There are ideas that just plain make sense. Whether it's bringing extra magazines to a training class to save time on loading, having backup sights on a rifle with optics in the unlikely event of catastrophic failure or simply having contingency plans for various possible events. Leupold recently introduced the company's Optics Academy to bring quality training to shooters that use optics on rifles, carbines and/or pistols.
From the company website:
Leupold Optics Academy is the training division of Leupold & Stevens, Inc. It is designed around the fact that the optic on a firearm is one of the most critical components of the shooting system and should be a known constant, not a variable. Although most experienced shooters are reasonably versed in the function of their optic, few know more than the basic operation. Our uniquely designed academy focuses on the optic in addition to the platform it’s mounted on, and can take a shooter to a new level of understanding of the shooting system as a whole. Whether a novice, or an expert, a new hunter or an old-hand, the Leupold Optics Academy will help you take your skills to the next level and help guarantee success in your quest for that next epic moment.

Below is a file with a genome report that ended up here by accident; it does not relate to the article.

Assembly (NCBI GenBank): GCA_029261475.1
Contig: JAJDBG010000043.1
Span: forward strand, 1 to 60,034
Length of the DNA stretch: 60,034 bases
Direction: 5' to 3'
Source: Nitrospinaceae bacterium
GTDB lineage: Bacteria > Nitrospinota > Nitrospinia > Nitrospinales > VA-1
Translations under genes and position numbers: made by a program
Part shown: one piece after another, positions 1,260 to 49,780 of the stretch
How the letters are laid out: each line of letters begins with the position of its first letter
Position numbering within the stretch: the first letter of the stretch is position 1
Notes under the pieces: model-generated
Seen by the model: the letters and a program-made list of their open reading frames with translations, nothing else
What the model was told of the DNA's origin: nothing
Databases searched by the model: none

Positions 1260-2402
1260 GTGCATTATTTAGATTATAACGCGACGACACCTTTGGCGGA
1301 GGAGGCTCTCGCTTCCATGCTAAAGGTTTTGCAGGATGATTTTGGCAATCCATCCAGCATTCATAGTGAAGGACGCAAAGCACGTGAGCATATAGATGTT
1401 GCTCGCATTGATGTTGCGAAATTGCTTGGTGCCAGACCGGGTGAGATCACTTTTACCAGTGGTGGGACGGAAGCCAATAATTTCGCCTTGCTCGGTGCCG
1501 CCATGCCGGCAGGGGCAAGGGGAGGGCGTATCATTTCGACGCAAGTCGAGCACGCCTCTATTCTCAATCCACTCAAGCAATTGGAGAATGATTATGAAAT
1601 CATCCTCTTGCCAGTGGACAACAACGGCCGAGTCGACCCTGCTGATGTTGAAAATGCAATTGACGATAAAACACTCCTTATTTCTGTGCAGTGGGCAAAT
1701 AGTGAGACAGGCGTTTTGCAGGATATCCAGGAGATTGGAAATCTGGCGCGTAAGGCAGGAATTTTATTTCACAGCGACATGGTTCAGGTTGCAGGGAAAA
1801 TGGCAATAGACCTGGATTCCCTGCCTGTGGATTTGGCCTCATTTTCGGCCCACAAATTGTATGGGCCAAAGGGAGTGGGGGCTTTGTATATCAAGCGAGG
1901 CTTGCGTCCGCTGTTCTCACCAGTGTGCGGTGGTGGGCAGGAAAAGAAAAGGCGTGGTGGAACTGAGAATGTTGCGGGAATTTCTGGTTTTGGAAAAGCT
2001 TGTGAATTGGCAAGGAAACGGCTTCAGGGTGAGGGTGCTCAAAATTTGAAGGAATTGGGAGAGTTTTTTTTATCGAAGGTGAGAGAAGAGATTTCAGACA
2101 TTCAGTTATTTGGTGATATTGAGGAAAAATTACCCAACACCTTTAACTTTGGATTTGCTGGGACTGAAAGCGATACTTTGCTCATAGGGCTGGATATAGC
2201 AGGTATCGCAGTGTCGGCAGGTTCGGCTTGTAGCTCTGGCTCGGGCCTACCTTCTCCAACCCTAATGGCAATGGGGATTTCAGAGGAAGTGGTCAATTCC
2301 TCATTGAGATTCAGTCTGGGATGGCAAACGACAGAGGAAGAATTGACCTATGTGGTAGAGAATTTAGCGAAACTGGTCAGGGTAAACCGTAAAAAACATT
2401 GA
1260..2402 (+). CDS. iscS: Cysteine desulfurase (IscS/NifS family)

We constantly stress the importance of quality training. It is absolutely critical to keep skills fresh and to learn the best ways to accomplish tasks, whether that means taking a class at Gunsite Academy on running a 1911 quickly, working with masters like Todd Jarrett or Rob Leatham to improve your competitive edge or learning how to make best use of your rifle, carbine or pistol optic at Leupold Optics Academy.
The Optics Academy currently offers the following courses:
General Scoped Rifle
Precision Scoped Rifle 1 (PSR-1)
Dangerous Game Scoped Rifle
Patrol Designated Marksman
There's a schedule of the various courses on the Academy's website, as well as additional contact information should you be interested in attending one or more of these classes. Whether you've been thinking of equipping a handgun with a micro-dot, putting an intermediate-range scope on your 3-gun rifle or setting up a precision long-range rig, it certainly can't hurt to get training from the folks that literally built the gear.